05. Customizing our Command Prompt $PS1

Ever notice the $ in front of every command in this tutorial series? Surely, the text that appears before your command input is different. Here, we'll show you how to customize this by changing the $PS1 variable.

The $PS1 Variable

The variable that stores the configuration is $PS1 (short for Prompt Statement). To check your own $PS1, use the echo command.

$ echo $PS1
\n\[\033[1;34m\]\W$\[\033[0m\]

On my personal computer, I use this setting. It outputs the current working directory, then a $ symbol, all in blue text. It then sets the user's font color to default.

Characters used for customization

Here are a list of characters that act as variables that you can use for your prompt statement. They are all preceded by the escape key (\).

\a
ASCII bell character (beep).
\d
Current date eg. Wed May 25.
\e
ASCII escape character.
\h
Hostname of local machine, minus the domain name.
\H
Full hostname.
\j
Total number of jobs managed by the shell session.
\l
The name of current terminal device.
\n
Newline character.
\r
Carriage return.
\s
Name of shell program
\t
Current time in 24-hour HH:MM:SS.
\T
Current time in 12-hour HH:MM:SS.
\@
Current time in 12 hour am/pm format.
\A
Current time in 24 hour HH:MM format.
\u
Username of current user.
\v
Version number of shell.
\V
Version and release numbers of shell.
\w
Current working directory.
\W
Last part of current working directory name.
\!
History number of current command.
\#
Number of commands in this shell session.
\$
Displays a $ symbol for regular uses, # for root.
\[
Signals start of a series for non-printing characters. They are used to manipulate the editor in colors or something else.
\]
Close series.

Let's try building our own!

Let's say we want current time (\@), the current working folder (\w), followed by a greater than symbol (>). Remember to use single quotes to prevent shell expansion!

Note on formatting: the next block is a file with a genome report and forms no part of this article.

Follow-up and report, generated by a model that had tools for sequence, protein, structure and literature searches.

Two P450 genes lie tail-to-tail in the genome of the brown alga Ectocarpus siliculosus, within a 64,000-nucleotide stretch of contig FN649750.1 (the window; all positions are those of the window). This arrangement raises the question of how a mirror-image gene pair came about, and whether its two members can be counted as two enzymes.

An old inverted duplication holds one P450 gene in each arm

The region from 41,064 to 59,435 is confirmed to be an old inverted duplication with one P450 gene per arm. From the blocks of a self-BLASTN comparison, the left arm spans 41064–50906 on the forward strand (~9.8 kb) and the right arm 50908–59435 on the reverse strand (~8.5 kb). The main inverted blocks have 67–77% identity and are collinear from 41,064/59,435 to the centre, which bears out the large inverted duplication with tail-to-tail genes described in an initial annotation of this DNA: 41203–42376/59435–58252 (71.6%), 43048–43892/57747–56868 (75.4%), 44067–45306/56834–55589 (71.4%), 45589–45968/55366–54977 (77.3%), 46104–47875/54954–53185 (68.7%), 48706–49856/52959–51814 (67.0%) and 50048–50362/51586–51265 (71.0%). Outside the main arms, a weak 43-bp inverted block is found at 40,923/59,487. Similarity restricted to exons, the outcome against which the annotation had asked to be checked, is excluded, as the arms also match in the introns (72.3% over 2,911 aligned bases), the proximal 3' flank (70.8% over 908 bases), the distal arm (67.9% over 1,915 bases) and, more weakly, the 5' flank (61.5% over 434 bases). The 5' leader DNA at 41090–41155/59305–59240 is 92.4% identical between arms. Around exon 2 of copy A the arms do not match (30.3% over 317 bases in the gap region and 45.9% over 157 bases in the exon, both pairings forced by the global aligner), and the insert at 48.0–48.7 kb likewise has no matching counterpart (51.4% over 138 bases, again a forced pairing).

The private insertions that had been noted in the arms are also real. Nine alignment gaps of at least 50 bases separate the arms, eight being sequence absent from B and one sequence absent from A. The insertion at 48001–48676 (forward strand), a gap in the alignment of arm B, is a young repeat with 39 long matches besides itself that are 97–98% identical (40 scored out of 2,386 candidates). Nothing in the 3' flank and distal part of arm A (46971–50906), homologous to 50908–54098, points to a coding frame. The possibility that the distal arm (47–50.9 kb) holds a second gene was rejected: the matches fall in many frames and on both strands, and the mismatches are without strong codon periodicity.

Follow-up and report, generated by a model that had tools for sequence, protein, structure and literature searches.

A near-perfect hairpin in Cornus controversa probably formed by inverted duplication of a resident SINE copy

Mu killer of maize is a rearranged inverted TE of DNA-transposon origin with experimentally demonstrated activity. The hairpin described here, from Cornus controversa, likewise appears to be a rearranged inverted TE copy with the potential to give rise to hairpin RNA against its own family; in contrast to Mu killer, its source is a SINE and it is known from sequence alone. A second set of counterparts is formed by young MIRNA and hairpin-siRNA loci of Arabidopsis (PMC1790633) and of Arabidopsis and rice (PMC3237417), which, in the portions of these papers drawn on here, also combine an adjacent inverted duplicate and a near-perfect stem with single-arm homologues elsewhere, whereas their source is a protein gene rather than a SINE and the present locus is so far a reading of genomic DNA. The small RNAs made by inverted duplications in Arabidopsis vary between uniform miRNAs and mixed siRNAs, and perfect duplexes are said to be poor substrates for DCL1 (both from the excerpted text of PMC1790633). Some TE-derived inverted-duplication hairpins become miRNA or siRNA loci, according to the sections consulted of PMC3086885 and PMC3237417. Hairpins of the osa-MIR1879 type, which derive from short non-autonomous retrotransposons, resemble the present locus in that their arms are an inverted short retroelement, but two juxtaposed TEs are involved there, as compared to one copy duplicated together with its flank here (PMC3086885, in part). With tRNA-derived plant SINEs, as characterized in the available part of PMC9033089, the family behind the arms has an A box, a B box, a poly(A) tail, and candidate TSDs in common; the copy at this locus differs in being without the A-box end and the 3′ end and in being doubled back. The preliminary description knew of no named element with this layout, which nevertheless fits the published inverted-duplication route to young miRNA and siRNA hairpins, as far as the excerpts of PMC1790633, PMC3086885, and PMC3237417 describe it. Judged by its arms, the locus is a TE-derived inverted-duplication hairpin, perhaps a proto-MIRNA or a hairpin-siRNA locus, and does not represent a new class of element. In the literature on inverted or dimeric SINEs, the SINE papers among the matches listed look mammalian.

$ export 'PS1=\@ \w >'
05:01 PM ~/snipcademy/code >

It looks great! Although it would look even better with some color.

Adding color

To add color, we must make use of the ANSI escape code, \e. This tells the terminal not to interpret the sequence, but to interpret it as a command.

adding color to your custom bash terminal

Here are the values that we may use for text font decoration.

0
Default.
1
Lighter corresponding color.
4
Underline.
5
Blinking.
7
Inverse.

Since this is a sequence of non-printing characters, we enclose them in \[ and \] characters.

Here is a list of colors you can choose from:

[0;30m
Black
[0;31m
Red
[0;32m
Green
[0;33m
Brown
[0;34m
Blue
[0;35m
Purple
[0;36m
Cyan
[0;37m
Light Gray
[1;30m
Dark Gray
[1;31m
Orange
[1;32m
Light Green
[1;33m
Yellow
[1;34m
Light Blue
[1;35m
Light Purple
[1;36m
Light Cyan
[1;37m
White
$ export PS1='\[\e[0;36m\]\@ \w >'

To specify the color that the user types, we add another color to the end of our PS1.

$ export PS1='\[\e[0;36m\]\@ \w >\[\e[1;37m\]'
06:32 PM ~/snipcademy >

Adding text background color

To add a text background color, use a similar method but with these sequences.

\e[0;40m
Black
\e[0;41m
Red
\e[0;42m
Green
\e[0;43m
Brown
\e[0;44m
Blue
\e[0;45m
Purple
\e[0;46m
Cyan
\e[0;47m
Light Gray
$ export PS1='\[\e[0;36m\]\@ \w >\[\e[1;37m\] \[\e[0;44m\]'
06:32 PM ~/snipcademy > User input text here.

Custom cursor positioning

You may also customize your settings so that you can move the cursor line around.

\e[l;cH
Move to line l, column c.
\e[nA
Move cursor up n lines.
\e[nB
Move cursor down n lines.
\e[nC
Move forward n characters.
\e[nD
Move cursor backward n character.
\e[2J
Clear screen and move cursor to upper-left corner.
\e[K
Clear from cursor position to end of current line.
\e[s
Store current cursor position.
\e[u
Recall stored cursor position.

Persisting your customized prompt

To save your prompt, place it in your .bashrc file.

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